While having been quite busy lately editing films for my blog posts, I’m actually supposed to be doing something else. I’m currently researching an upcoming Thesis about the Roman presence in Gaul during the reign of Augustus.
It will (hopefully) be a cogent study how several Roman monuments in present day France proved significant in the process of Romanization. The Romans tended to eventually regard many things as their very own, such as the Mediterranean Sea which became Mare Nostrum, Our Sea. After successfully having subjugated all tribes in an area, the next step for the Romans was often trying to found permanent settlements for those having formerly served in the Roman military. It’s from these veteran colonies, or Colonia our modern word for colony is derived.
Then, to provide necessary stability in the newly conquered regions the Romans would provide it’s inhabitants with a variety of amenities such as permanent military presence with forts for protection, carefully planned towns with marketplaces, aqueducts for supplying fresh water for baths and agriculture – and last but not least – great monuments; to prove beyond any doubt who was in charge and that this was now Roman lands with approval from the very Gods.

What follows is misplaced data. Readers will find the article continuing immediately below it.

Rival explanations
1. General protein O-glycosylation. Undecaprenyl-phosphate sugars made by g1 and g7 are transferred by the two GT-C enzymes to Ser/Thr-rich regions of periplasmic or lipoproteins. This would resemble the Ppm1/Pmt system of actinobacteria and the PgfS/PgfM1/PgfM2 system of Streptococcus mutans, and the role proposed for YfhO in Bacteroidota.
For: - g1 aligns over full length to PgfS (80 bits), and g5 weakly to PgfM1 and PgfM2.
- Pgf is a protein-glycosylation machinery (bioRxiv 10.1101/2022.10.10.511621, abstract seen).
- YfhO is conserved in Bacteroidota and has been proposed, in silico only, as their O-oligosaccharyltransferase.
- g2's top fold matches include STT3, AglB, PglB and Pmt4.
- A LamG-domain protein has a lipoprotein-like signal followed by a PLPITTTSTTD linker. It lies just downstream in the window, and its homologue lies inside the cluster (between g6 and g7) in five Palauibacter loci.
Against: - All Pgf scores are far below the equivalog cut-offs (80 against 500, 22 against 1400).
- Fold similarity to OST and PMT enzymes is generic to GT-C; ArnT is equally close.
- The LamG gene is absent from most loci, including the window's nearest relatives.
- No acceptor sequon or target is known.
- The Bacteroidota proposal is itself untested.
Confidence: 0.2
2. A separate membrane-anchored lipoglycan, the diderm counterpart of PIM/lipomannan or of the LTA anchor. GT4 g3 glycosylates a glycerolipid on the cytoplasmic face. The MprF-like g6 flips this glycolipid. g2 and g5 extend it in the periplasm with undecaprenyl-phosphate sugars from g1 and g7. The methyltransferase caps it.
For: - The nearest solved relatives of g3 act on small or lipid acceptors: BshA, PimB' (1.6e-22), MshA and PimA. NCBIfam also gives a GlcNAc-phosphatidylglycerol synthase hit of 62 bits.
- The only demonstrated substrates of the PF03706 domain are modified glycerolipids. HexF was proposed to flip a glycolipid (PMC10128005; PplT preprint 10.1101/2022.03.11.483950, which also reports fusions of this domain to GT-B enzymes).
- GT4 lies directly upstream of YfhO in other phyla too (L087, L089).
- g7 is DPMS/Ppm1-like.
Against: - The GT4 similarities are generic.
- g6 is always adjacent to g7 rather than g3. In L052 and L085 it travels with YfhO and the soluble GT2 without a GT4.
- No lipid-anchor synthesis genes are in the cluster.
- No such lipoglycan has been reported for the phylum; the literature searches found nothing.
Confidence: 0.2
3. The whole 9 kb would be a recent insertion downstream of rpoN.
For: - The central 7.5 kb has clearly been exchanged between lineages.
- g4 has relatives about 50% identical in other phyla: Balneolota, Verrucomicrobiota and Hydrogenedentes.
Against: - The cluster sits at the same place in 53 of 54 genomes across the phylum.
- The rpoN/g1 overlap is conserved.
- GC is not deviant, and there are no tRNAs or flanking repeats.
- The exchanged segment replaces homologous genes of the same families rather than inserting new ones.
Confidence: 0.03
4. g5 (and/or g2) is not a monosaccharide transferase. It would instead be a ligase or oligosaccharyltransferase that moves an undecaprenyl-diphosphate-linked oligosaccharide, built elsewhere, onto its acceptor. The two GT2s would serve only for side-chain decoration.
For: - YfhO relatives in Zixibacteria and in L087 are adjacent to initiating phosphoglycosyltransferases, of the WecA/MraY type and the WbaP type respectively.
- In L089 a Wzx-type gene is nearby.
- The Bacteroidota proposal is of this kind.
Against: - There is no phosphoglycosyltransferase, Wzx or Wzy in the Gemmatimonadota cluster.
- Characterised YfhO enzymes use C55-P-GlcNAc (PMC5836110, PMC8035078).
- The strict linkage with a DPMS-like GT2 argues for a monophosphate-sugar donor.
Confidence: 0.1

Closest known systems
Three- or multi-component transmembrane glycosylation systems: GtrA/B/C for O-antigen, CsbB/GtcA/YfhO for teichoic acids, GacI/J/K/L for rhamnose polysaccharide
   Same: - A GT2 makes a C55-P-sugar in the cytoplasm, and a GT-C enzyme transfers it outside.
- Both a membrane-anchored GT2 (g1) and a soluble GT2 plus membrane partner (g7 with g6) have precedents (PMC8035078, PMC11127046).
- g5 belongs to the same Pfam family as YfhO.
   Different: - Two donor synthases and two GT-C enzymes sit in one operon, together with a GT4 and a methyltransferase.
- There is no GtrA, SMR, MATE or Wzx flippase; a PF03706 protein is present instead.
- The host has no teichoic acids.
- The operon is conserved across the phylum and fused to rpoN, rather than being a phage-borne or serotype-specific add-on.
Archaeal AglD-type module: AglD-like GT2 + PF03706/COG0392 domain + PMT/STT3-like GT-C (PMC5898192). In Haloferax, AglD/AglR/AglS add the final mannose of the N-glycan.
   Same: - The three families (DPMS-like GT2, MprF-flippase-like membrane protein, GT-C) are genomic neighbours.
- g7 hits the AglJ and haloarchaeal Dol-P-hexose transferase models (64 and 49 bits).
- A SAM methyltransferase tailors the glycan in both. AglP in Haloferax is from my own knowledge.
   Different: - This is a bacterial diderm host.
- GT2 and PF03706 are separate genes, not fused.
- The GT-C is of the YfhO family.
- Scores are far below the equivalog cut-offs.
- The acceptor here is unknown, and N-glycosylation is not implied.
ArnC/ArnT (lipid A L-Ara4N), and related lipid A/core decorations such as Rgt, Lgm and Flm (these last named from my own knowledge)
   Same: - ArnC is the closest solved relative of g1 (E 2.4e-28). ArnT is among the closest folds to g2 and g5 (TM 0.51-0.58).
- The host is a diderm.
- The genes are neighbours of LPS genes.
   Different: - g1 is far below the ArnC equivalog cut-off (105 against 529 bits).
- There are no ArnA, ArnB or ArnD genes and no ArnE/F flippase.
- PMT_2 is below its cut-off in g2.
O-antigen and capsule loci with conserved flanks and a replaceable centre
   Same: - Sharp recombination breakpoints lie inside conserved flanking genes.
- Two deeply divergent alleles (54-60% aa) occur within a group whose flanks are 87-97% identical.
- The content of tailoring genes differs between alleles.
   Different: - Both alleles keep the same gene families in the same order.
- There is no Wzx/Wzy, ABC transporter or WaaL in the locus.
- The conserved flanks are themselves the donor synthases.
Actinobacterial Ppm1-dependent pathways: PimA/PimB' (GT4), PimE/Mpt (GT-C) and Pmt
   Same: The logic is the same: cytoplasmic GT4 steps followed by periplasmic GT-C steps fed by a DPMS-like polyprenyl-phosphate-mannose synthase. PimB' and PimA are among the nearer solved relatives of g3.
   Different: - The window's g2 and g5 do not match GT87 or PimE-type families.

Provincia Nostra, Our Province, was thus the name gradually chosen by the Romans for the area still known today as Provence in the South of France. It was the very first in a series of Roman provinces founded North of the Alps.
(It’s nice to have an excuse to get some new books!)